Bedford residents are looking down the barrel of two mega-projects that are anti-ecological, anti-community and will do little for culture---unless you consider shopping avant garde. If all goes as planned, the Bedford Basin near the Bedford Highway Sobeys and the western shore of Papermill Lake will be peppered with condos and strip malls.
Amenities and residences aren't the problem, though. I'm all for the hub approach---making communities like Sackville and Bedford as autonomous as possible to minimize commuting and endless highway building. But both these proposals will do great harm to wilderness and water, with little payback for locals.
HRM and Waterfront Development Corporation (a provincial Crown corporation) have been working together since 2007 to plan a 20-hectare development focused on high-end retail and high-tower condos (with over and underground parking) right on the Bedford Basin---literally, on it.
"A small city for 6,500 people is what they're proposing, with shops and a hotel," Mark Currie tells me. He grew up in Bedford and takes his 11-year-old son to explore the beaches, reef and tidal pools. He shot a gorgeous YouTube video of the aquatic life and birds, called "Bedford Waterfront Development." "They say the project's infancy goes back to the mid-'80s, when the Bedford Waterfront Development Corporation proposed a marine park. So how did it become condos?"
Since the early '90s, WDCL has been collecting tipping fees as private companies from across the Maritimes infill the basin with construction rubble. What used to be Crosby's Island, a haven for migratory birds, is now more of a peninsula. "They filled it right to the northern edge," Currie says. "You can walk to it. The only natural shoreline left is the southern edge."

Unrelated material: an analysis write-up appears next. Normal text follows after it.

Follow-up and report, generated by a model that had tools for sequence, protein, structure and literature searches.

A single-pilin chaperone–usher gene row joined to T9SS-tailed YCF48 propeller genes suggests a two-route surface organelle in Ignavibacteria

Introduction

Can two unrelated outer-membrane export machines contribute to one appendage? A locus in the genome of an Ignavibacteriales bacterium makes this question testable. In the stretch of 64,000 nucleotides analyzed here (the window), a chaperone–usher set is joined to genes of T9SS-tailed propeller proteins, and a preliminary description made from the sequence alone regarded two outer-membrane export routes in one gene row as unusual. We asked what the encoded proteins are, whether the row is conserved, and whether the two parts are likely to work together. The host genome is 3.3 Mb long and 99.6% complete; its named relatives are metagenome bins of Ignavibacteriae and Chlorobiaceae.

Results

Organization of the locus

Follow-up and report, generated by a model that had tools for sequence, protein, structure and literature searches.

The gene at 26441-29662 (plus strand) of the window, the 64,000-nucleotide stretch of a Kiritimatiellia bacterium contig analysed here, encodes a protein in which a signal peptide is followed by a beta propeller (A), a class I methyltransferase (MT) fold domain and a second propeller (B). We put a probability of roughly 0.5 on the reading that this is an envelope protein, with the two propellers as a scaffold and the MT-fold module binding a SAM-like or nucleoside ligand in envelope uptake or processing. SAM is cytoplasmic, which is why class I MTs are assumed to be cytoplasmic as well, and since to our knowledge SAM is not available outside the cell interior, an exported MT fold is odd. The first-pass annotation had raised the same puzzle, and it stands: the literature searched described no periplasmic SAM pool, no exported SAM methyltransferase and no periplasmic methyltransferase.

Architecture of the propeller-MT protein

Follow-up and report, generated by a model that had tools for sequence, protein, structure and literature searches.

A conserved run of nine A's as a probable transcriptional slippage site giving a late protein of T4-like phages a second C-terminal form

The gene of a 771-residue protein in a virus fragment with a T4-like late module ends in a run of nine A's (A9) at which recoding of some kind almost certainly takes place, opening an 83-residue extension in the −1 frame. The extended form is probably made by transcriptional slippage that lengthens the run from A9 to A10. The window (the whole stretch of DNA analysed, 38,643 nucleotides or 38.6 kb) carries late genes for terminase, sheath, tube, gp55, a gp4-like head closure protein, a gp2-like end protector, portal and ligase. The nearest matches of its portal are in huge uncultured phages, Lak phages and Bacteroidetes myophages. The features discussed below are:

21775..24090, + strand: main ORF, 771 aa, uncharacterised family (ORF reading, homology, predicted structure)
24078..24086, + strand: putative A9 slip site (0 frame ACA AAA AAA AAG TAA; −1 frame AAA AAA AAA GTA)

The plan has suffered no ecological scrutiny whatsoever. The Department of Fisheries and Oceans won't touch it, though it's well within their powers to do so. The area is heavily fished for lobsters and is an important habitat for numerous species of fish, seals and whales. But because DFO has looked the other way, no environmental assessment, and no opportunity for genuine public input, has been triggered.
In a public presentation about the project WDCL staff acknowledged that there was no real business case for the project on its own, but they went ahead when they realized there was money in letting companies dump pyrhitic slate---an environmental nightmare--- in freshwater. Its full impacts on seawater remain to be seen, but what is clear is that dumping any kind of rubble onto a living shore is problematic.
"The first confirmed sighting of migratory sandpipers happened here," Currie says. Culturally, pre-contact Mi'kmaq petroglyphs have already been found in the area, yet when Currie asked if he could see the archeological assessment at a public presentation, he got blank stares.
The same can be said of development company United Gulf's new 9.3-hectare project on the western side of Papermill Lake. Plans include a hotel, residential high-towers, low-rise condos and an urban streetscape. The new road will connect to exit 3, where the 102 and Hammonds Plains Road merge, creating a potential traffic nightmare at an already busy juncture.
Resident Terry Choyce is worried about its impact on the land she loves. "I am concerned that the holding ponds which will be dug to hold the road and parking drainage will be inadequate," she says, "and it'll pollute the lake."
This initial project will open the door for a much larger---sprawling, even---housing development along the lake. So much for density. If United Gulf gets the zoning change (from commercial to mixed-use) it wants, construction could start next month.
No one has considered this for protection, yet it is an untouched wilderness, replete with massive hemlock trees. Ironically, as those trees come down HRM will be drafting its Urban Forest Master Plan to "ensure a sustainable future for our urban forest."
There are some positives mentioned in these plans---allusions to green spaces and walkability---but like HRM By Design before them, they are all pie-in-the-sky, with vague half-commitments like "at some point in the future the potential for commuter rail" and "potentially two ferries in the future." These features are imaginary. The infilling and deforestation are real and immediate.